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Hero’s aeolipile

Hero’s aeolipile

Hero of Alexandria is the inventor of the first steam engine, although he regarded it as an entertaining toy.



Hero’s aeolipile, aeolipile, antiquity, steam engine, turbine, boiling water, incoming steam, outflowing steam, work, inventor, scientist, invention, history, technology

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Hero of Alexandria probably lived and worked in the 1st century A.D. His native city, Alexandria - now in Egypt - was one of the centers of antique Greek culture and science. Although Hero is known mostly for his theoretical work, e.g. “Hero’s formula” for the area of a triangle, he was also the inventor of several devices.
One of these was the aeolipile, also known as the Hero engine or Hero’s ball. This device is widely regarded as the predecessor of the steam engine, 1,700 years before James Watt’s invention.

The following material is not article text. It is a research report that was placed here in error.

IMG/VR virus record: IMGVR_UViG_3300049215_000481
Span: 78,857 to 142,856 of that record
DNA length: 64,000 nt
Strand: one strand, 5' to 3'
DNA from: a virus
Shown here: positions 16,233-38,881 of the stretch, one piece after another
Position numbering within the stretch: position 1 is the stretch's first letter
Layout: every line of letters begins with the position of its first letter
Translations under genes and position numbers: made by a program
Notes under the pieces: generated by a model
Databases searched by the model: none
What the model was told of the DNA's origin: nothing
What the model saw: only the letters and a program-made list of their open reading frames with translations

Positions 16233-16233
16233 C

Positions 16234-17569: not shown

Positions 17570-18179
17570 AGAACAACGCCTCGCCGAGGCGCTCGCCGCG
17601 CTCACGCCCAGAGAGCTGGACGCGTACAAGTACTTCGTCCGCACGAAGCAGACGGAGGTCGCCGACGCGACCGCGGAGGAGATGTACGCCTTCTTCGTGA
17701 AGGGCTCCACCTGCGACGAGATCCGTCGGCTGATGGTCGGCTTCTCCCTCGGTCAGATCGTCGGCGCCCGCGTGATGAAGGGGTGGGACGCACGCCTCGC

The aeolipile was a hollow sphere mounted on a closed copper vessel partly filled with water. The water was heated by fire under the cauldron, which produced steam. The vessel was connected to a hollow sphere by a pair of pipes that also served as the pivots for the sphere and conveyed the steam. There were two curved nozzles on the sphere, where the steam could escape. The outflowing steam produced a torque, which rotated the sphere around its axis, that is, the device converted heat energy into mechanical work.
Although Hero knew the working principle of pistons, he did not make the connection between the two devices.
The aeolipile was never put into practical use, even Hero himself regarded it as a curious toy. Even so, the device is the first jet engine in the history of technology.

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